The Horror Honeys: Saturday Creature Features with Suzanne!

Saturday Creature Features with Suzanne!

The Entity (1982)

Violence against women is never an easy topic. It’s difficult to talk about and even more so to watch. However, if the perpetrator can’t be seen, did the violence ever really happen? That’s the crux of The Entity.

Barbara Hershey stars as Carla Moran, a hardworking, single mother, just trying to make ends meet. One night, Carla is raped in her own home by an invisible force. Her family then experiences violent activity throughout the home. After escaping for an evening, Carla returns home. When her car inexplicably goes out of control, she thinks she’s going crazy and meets with a psychiatrist, Dr. Sneiderman (Ron Silver). 

Carla experiences another attack in her home, this one more violent than the first, and this time leaving visible marks on her body. The doctor thinks the bruises are self-inflicted due to Carla’s traumatic past, manifesting it into what Carla believes to be supernatural activity.

As the attacks become more frequent and more violent, harming not only Carla, but her family as well, she enlists the help of two parapsychologists who agree to study the activity. They suggest a rather elaborate experiment to capture the entity, which Carla agrees to out of desperation for a solution.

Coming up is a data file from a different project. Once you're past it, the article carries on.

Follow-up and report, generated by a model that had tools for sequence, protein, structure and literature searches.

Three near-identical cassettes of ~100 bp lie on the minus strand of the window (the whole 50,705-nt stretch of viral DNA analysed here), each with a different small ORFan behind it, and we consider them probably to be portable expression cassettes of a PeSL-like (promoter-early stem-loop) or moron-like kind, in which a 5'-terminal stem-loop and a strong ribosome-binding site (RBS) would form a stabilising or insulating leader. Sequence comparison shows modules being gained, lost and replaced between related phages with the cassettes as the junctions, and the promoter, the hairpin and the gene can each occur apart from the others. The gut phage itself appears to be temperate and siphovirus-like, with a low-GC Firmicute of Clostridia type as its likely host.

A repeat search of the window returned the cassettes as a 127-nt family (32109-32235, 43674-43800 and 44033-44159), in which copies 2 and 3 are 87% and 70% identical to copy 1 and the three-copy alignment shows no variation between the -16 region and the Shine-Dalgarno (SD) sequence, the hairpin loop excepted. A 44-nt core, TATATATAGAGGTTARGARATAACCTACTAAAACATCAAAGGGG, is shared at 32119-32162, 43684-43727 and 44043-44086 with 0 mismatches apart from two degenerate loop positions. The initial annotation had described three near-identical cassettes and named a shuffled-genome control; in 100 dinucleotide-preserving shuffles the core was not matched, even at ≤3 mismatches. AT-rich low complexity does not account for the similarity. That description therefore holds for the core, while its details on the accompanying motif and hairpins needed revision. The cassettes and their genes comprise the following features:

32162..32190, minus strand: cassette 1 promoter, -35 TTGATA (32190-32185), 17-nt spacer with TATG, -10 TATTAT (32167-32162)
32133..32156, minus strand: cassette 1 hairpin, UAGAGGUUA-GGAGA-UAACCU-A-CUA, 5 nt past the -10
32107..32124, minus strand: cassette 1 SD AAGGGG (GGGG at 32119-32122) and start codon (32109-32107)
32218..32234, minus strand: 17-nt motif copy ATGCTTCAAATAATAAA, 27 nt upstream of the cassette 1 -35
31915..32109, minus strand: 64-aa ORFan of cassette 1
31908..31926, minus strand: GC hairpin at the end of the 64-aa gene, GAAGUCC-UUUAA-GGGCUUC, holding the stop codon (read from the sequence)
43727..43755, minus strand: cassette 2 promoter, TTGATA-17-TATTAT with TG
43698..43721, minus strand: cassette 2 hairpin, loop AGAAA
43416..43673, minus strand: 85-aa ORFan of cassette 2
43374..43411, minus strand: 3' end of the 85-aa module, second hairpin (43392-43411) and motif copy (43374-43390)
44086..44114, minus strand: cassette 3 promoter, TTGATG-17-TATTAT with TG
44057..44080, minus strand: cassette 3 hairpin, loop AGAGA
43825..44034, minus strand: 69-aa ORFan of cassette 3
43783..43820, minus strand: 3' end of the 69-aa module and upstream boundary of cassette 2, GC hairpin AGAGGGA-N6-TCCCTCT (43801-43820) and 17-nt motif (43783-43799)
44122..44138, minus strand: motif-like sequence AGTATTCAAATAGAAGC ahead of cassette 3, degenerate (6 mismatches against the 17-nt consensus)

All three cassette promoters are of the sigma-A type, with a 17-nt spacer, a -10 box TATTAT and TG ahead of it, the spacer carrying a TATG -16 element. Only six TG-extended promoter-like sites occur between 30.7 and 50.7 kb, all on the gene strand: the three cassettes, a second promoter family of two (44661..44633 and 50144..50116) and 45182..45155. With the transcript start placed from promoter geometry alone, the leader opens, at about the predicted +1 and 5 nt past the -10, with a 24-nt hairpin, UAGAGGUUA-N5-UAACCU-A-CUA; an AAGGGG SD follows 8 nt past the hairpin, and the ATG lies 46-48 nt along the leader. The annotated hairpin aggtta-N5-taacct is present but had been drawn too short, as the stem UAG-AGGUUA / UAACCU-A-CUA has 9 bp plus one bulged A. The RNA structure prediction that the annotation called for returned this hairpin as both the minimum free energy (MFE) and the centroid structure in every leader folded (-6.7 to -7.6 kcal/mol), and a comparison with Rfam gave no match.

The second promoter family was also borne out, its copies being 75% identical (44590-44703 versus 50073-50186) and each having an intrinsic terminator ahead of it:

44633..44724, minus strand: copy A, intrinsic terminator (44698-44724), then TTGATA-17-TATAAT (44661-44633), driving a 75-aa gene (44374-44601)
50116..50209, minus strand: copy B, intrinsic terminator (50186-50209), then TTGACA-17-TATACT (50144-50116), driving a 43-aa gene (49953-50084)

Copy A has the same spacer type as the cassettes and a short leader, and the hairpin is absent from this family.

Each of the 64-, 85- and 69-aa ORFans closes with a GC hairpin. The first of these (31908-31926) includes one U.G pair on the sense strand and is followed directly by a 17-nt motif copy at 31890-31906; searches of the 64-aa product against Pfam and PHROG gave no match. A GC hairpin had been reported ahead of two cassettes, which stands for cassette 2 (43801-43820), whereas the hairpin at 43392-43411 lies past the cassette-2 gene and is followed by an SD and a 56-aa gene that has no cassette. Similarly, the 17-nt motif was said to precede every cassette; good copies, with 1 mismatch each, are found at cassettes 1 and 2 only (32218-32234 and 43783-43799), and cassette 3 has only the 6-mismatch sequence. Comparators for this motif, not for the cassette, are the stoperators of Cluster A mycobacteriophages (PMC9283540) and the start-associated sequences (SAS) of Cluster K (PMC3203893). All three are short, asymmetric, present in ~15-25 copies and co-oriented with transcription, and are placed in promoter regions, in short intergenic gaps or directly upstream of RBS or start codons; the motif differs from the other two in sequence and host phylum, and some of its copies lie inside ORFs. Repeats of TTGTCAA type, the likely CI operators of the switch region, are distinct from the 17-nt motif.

The Entity was first a book, written by Frank De Felitta, who also penned Audrey Rose, and is a “based on true events” film. In the film’s epilogue, it states that the real Carla Moran continued to experience activity even after she left the home where it started, although it became less intense. 
Hershey’s performance, along with some interesting special effects techniques and editing, make this otherwise unbelievable story plausible. Released the same year as Poltergeist, although not as popular, it’s a much more intense and scary experience. 

Maybe a more important takeaway is something I mentioned in my opening paragraph. If no one sees the violence, be it physical, sexual or emotional, does that mean it didn’t happen? Carla faces that issue from not only friends and family, but from her doctor, who, right until the end, when he finally sees it for himself, is insistent she is self-harming. Both Carla’s son and her boyfriend witness separate attacks on her, and even try to intervene, but she is not believed. If you take the supernatural element out of this, how is it any different from the way violence against women is perceived today?

Despite whether or not you believe in the subject matter, this is a difficult watch, especially if you’re young and impressionable. As an adult, especially being female, it becomes even tougher to watch. Why weren’t my parents watching what I watched?

The Entity is available on both DVD and BD.

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Suzanne on Twitter: @suzebee04